Canku Ota

(Many Paths)

An Online Newsletter Celebrating Native America

November 18, 2000 - Issue 23


Honoring Nations Awards

Beginning last year, Harvard University's project on American Indian Economic Development began recognizing tribes' innovative approaches to tribal governance. This year, 16 finalists were culled from a pool of 70 applicants. On Tuesday, November 15, the Honoring Nations program awarded $10,000 prizes to eight tribes who represent the best of the best.

Said Andrew Lee, director of Harvard's Honoring Nations program: "These kinds of stories are the pride and joy of Indian Country. We're pleased to shine a spotlight on these islands of excellence."

San Carlos Apache Tribe
Elder's Cultural Advisory Council, for using elders' advice on culturally-related matters
San Carlos, Arizona


Winnebago Tribe of Nebraska
Ho-Chunk Inc., an economic development corporation, for separating tribal business from tribal politics
Winnebago, Nebraska.


Navajo Nation
Navajo Child Special Advocacy Project, for combining Western and Native therapy for children molested between ages of 3 and 7
Window Rock, Ariz.


Swinomish Indian Tribal Community
Swinomish cooperative land-use program, for establishing a government-to-government relationship with a local county
LaConner, Washington


White Earth Chippewa Tribe
White Earth suicide intervention team
White Earth, Minnesota


Louden Tribal Council
Yukanna Development Corporation, for creating environment-related job opportunities
Galena, Alaska.


Hopi Tribe
Two Plus Two program, for increasing college enrollment of high school students
Keams Canyon, Arizona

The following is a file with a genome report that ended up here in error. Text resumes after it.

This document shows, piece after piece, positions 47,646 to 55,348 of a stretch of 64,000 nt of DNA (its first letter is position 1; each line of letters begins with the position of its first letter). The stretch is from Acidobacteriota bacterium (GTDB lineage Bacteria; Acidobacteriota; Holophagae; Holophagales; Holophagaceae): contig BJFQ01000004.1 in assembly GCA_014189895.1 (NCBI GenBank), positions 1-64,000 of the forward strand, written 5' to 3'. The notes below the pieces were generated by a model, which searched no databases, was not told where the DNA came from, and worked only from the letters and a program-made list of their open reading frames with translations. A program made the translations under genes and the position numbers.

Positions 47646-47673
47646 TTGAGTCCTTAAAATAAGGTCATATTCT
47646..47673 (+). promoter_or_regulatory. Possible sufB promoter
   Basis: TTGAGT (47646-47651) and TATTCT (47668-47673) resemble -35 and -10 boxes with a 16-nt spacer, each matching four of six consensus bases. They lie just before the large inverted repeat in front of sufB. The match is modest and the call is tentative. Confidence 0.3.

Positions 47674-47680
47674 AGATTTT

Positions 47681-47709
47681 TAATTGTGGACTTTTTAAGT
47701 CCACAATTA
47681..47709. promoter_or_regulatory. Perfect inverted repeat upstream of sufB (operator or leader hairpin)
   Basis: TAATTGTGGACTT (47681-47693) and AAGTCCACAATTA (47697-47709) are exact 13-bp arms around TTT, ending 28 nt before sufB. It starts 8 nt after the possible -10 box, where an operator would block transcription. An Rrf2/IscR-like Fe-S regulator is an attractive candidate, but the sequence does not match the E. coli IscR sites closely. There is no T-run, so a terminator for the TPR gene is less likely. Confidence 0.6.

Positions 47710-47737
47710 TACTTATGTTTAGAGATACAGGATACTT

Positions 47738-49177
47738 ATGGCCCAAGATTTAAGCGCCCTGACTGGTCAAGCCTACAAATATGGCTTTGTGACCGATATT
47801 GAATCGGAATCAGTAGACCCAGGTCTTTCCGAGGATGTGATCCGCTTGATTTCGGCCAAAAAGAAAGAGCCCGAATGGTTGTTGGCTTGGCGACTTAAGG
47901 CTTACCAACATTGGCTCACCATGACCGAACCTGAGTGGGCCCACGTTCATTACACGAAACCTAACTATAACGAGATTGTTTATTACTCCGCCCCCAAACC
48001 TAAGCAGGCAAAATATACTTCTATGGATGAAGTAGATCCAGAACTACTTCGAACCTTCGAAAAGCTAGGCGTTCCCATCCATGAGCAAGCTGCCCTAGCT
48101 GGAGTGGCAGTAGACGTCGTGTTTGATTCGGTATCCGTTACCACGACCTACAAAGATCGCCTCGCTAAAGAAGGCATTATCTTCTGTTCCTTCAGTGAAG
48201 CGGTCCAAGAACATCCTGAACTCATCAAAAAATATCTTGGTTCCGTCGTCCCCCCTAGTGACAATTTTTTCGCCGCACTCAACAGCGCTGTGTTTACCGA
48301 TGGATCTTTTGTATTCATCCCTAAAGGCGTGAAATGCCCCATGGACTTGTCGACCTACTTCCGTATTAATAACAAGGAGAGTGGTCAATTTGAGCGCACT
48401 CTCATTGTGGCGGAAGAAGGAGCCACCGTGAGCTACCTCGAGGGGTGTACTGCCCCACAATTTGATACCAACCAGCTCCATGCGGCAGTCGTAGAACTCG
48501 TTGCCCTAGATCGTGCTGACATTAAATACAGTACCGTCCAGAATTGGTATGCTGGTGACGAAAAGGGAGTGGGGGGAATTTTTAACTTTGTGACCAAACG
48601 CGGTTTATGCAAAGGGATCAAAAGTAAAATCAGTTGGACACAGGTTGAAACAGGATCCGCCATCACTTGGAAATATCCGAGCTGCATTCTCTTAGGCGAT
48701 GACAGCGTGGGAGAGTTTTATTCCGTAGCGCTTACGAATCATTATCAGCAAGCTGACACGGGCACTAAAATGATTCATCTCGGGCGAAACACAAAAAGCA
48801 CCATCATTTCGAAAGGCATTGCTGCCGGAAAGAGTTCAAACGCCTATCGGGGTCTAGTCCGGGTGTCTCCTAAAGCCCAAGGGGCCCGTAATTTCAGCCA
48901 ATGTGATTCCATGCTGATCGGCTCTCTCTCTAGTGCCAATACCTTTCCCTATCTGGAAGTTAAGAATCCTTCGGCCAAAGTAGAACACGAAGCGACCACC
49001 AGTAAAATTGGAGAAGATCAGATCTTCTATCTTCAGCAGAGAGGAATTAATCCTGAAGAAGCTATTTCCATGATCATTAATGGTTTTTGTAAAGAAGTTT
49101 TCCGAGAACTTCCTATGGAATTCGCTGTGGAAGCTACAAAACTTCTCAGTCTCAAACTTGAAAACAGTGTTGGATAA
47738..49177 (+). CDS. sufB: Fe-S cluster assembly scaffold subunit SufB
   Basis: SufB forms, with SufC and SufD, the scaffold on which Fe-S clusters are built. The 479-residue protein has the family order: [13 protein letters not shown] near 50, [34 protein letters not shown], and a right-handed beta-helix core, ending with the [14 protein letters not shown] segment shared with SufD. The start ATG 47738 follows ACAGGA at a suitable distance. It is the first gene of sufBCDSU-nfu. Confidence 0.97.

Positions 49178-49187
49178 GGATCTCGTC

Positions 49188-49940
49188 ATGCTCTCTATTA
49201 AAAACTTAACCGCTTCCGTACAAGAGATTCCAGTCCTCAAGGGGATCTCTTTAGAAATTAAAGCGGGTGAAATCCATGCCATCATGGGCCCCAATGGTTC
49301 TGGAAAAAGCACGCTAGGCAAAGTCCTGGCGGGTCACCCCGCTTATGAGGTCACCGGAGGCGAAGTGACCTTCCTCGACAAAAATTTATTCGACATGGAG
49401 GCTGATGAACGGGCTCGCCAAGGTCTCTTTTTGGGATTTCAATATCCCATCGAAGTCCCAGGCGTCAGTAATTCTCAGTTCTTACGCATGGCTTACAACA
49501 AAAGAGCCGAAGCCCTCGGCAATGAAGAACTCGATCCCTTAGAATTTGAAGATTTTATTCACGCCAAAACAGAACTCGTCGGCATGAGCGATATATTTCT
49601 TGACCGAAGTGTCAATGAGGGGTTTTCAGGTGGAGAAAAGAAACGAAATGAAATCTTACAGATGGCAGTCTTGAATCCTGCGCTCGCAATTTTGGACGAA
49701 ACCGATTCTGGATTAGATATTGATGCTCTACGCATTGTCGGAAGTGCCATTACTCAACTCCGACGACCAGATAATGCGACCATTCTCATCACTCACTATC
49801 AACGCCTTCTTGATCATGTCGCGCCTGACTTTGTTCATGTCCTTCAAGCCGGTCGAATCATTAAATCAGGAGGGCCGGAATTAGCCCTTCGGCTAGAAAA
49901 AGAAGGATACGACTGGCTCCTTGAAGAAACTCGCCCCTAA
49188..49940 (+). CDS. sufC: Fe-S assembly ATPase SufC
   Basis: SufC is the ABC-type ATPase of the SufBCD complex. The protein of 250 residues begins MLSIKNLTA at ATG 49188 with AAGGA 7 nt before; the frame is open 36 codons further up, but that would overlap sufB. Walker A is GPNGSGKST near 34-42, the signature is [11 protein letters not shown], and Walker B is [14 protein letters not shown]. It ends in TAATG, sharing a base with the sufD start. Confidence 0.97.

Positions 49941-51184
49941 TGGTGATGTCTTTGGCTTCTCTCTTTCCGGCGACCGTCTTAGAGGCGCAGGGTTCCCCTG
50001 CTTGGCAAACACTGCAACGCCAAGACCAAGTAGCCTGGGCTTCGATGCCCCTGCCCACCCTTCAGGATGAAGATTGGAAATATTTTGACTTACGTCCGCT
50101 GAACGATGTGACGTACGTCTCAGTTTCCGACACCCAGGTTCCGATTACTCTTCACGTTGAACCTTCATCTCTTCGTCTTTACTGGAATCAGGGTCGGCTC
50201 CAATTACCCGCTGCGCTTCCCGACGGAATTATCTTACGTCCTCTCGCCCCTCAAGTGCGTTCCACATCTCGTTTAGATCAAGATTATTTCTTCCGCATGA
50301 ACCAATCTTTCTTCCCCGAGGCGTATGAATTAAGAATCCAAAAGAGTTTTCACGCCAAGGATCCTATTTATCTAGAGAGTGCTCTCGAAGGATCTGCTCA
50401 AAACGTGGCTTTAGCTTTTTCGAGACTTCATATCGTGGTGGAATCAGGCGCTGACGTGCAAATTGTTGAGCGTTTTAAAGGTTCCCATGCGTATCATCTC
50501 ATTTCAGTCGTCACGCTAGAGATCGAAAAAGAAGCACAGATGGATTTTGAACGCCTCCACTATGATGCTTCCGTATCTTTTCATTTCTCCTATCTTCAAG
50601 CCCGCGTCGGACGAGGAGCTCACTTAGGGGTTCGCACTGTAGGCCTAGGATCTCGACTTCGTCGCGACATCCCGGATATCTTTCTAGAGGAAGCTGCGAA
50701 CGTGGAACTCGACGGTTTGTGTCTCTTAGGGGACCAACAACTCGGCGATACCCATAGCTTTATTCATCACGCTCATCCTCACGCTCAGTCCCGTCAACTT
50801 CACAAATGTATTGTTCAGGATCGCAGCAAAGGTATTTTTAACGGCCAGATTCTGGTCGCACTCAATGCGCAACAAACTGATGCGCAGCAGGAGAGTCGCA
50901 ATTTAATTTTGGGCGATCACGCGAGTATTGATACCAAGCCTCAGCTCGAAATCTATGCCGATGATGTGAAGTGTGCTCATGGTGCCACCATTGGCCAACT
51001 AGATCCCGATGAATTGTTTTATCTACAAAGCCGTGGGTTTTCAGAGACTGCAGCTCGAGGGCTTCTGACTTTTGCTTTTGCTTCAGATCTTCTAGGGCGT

Pueblo of Pojoaque
Poeh Center, for creating a construction company to build and sustain a cultural center
Santa Fe, New Mexico


In addition to the eight winners, the other finalists were:


Fond du Lac Band of Lake Superior Chippewa
Online pharmacy billing initiative, the first in Indian Country, for meeting tribal members' pharmaceutical needs
Cloquet, Minnesota


Mille Lacs Band of Ojibwe Indians
Small Business Development Program, for providing loans up to $75,000 for businesses owned by the tribe's members
Onamia, Minnesota


The Confederated Tribes of Grand Ronde
Intergovernmental Affairs Department, for enhancing government-to-government relationships
Salem, Oregon


Ten Great Lakes (tribes) Indian Fish and Wildlife Commission
for treaty rights recognition
Odanah, Wisconsin


Navajo Nation

Navajo Nation Archaeology Department Training Programs, for providing field and laboratory experience to the tribe's college students
Flagstaff, Arizona


Grand Traverse Band of Ottawa and Chippewa Indians

Planning and Development Department, for establishing a process for community involvement in identifying community needs
Suttons Bay, Michigan


White Mountain Apache Tribe
Wildlife and Recreation Program, for conservation management and self-sustaining business enterprise
Whiteriver, Arizona.


Coeur d'Alene Tribe
Tribal Wellness Center, for using Native concepts to promote healthy lifestyles
Plummer, Idaho.


For more information on the Honoring Nations Program visit:
Honoring Nations



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